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Acting Assistant Attorney General for the Office of Justice Programs Mary Lou Leary Speaks at the Defending Childhood Task Force Meeting


Detroit, MI
United States


Thank you, Mel. I’m very pleased to be here in Detroit for this final hearing of the Defending Childhood Task Force. I’d like to thank U.S. Attorney McQuade and Chief Godbee for serving as our hosts – and for their terrific leadership on behalf of our children and youth.

I’m delighted to join the Acting Associate Attorney General, Tony West, to underscore the Department’s commitment to this initiative. I’ll have the pleasure of introducing him in a few moments. I also want to recognize my colleague, Portia Roberson, a graduate of Wayne State University Law School and a former prosecutor here in Wayne County. Portia heads the Department’s Office of Intergovernmental and Public Liaison and is working here in Detroit on the Administration’s Strong Cities, Strong Communities Initiative and the National Forum on Youth Violence Prevention.

I want to thank the two Task Force co-chairs, Joe Torre and Bob Listenbee, and all the task force members who’ve been working so hard on this effort. I think I can speak for us when I say how much we appreciate your time and dedication. It’s just tremendous.

It’s so gratifying for me to see the level of support and commitment Defending Childhood has received. Although crime rates are down nationally, many communities – and specifically, particular neighborhoods within those communities – are actually seeing an increase in violence. And sadly, much of it is being committed by – and against – our youth. In some cases, very young children have become victims of gun and gang violence. As the Attorney General has said many times, this is simply unacceptable.

By now, we shouldn’t be surprised that children who are exposed to violence – either as witnesses or as victims – are more likely to go on to become perpetrators. A growing body of research has confirmed this link. We also know they’re more likely to have other problems – truancy, poor school performance, long-term emotional and psychological issues. A kid’s first encounter with violence can be the beginning of a lifetime of trouble.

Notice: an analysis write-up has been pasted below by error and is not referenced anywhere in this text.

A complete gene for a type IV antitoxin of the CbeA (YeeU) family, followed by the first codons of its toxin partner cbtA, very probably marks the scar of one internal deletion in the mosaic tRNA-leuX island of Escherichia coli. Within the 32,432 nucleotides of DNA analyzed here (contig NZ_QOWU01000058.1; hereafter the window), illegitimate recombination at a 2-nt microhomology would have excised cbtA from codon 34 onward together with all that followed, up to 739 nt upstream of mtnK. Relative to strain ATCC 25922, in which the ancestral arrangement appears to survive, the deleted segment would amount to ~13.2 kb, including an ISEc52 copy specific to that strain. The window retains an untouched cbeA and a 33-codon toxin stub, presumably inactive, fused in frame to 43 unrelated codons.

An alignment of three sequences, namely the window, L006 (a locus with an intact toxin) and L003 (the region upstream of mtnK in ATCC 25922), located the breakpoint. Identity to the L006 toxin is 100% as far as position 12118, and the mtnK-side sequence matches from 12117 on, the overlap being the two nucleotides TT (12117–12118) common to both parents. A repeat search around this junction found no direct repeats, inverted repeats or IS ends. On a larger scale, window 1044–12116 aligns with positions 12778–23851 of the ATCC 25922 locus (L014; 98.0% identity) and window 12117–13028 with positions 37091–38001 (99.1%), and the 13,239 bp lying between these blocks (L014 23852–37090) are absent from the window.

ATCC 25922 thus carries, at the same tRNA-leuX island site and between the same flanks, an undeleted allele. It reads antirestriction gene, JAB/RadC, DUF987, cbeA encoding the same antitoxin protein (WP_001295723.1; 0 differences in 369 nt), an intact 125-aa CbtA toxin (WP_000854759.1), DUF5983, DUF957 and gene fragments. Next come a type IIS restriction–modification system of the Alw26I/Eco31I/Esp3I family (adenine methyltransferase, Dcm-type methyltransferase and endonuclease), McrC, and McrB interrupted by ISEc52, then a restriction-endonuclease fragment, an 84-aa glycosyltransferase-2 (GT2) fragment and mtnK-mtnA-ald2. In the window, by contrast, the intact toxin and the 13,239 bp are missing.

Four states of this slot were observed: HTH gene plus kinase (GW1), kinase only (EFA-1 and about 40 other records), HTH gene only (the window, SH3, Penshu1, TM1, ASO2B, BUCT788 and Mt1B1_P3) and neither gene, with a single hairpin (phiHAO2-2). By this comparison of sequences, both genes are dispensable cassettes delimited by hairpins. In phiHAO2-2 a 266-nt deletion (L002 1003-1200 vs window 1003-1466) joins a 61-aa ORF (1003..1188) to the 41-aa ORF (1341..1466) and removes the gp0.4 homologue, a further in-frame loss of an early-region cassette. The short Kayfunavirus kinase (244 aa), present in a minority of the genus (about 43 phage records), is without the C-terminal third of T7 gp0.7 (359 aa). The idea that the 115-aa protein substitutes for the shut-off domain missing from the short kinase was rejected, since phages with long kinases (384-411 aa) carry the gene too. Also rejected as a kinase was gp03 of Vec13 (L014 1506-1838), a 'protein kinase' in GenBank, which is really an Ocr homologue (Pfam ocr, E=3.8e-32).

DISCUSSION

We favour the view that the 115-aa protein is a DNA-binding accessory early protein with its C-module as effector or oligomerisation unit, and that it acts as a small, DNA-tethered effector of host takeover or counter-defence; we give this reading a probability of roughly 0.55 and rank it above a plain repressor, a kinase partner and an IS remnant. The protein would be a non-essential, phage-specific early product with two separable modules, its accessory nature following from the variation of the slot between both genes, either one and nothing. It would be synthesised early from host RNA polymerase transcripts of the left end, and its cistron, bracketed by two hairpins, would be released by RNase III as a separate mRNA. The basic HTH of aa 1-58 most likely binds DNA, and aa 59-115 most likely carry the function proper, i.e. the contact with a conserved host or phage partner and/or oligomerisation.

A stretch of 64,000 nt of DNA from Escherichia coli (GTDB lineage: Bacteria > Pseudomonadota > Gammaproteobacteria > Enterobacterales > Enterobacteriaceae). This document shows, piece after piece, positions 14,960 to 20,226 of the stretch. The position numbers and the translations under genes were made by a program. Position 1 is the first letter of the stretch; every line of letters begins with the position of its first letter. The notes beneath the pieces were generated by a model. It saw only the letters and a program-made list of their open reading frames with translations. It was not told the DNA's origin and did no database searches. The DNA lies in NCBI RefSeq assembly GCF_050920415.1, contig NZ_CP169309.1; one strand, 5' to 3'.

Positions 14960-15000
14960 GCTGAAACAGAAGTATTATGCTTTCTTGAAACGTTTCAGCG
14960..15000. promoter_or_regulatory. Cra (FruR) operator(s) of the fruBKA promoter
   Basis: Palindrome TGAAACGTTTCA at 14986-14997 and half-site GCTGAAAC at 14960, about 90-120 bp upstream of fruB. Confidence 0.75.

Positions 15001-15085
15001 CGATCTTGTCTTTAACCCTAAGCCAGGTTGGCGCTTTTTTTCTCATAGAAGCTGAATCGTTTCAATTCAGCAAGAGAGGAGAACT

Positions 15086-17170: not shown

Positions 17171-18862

That’s the bad news. The good news is that crime and violence are not inevitable. Research and experience show that when problems are identified early and addressed holistically, violence decreases and desirable outcomes for children and youth improve. But this can only happen when we stop looking at violence solely as a law enforcement or criminal justice matter. We want to approach it as the community and public health concern it really is.

In the Office of Justice Programs, we’re working to address children’s exposure to violence comprehensively. We’re beginning by grounding our approach in the evidence. We’re supporting critical research and important data-gathering tools like the National Survey on Children’s Exposure to Violence.

We’re also supporting demonstration programs to refine our approaches to this difficult issue. Our eight project sites are exploring innovative strategies for mitigating the effects of violence on children.

Finally, we’re working to prevent at-risk youth from becoming perpetrators. Closely aligned with Defending Childhood is the work we’re doing under the National Forum on Youth Violence Prevention. This is a White House-led initiative to address youth and gang violence through comprehensive, balanced, data-driven strategies. Detroit is one of the Forum sites, and it’s exciting to see the strong commitment and leadership that Chief Godbee, U.S. Attorney McQuade, and their partners have demonstrated. We’re also very pleased to be part of the Administration’s Strong Cities, Strong Communities Initiative here in Detroit and other cities. This initiative is about bottom-up economic transformation, which goes hand-in-hand with public safety.

I’m proud that the Office of Justice Programs is playing a central role in these efforts – through funding, yes, but also through training, research, and information – and perhaps most importantly, by helping to bring stakeholders together. Because our real strength lies in partnership – across levels of government, across disciplines, and extending into the private sector with groups like our friends at Casey Family Programs. Working together, there’s no problem we can’t solve. Working together, we can make a difference for our children.

It’s my privilege now to introduce our next speaker.

Tony West was appointed Acting Associate Attorney General on March 9th. And though he’s fairly new to his position, he’s a veteran of the Department of Justice. From 2009 until March of this year, he was the Assistant Attorney General for the Civil Division, and he served in the Clinton Administration as an Assistant U.S. Attorney and as Special Assistant to the Deputy Attorney General.

His commitment matches his experience. He had only been in office three days when he paid a visit to my agency and emphasized his support for the work we do, particularly our efforts to prevent and reduce youth violence. He’s been a terrific partner, and you can bet he’ll continue to be a strong advocate for our work to protect children.

Please join me in welcoming Acting Associate Attorney General Tony West.

Updated December 16, 2016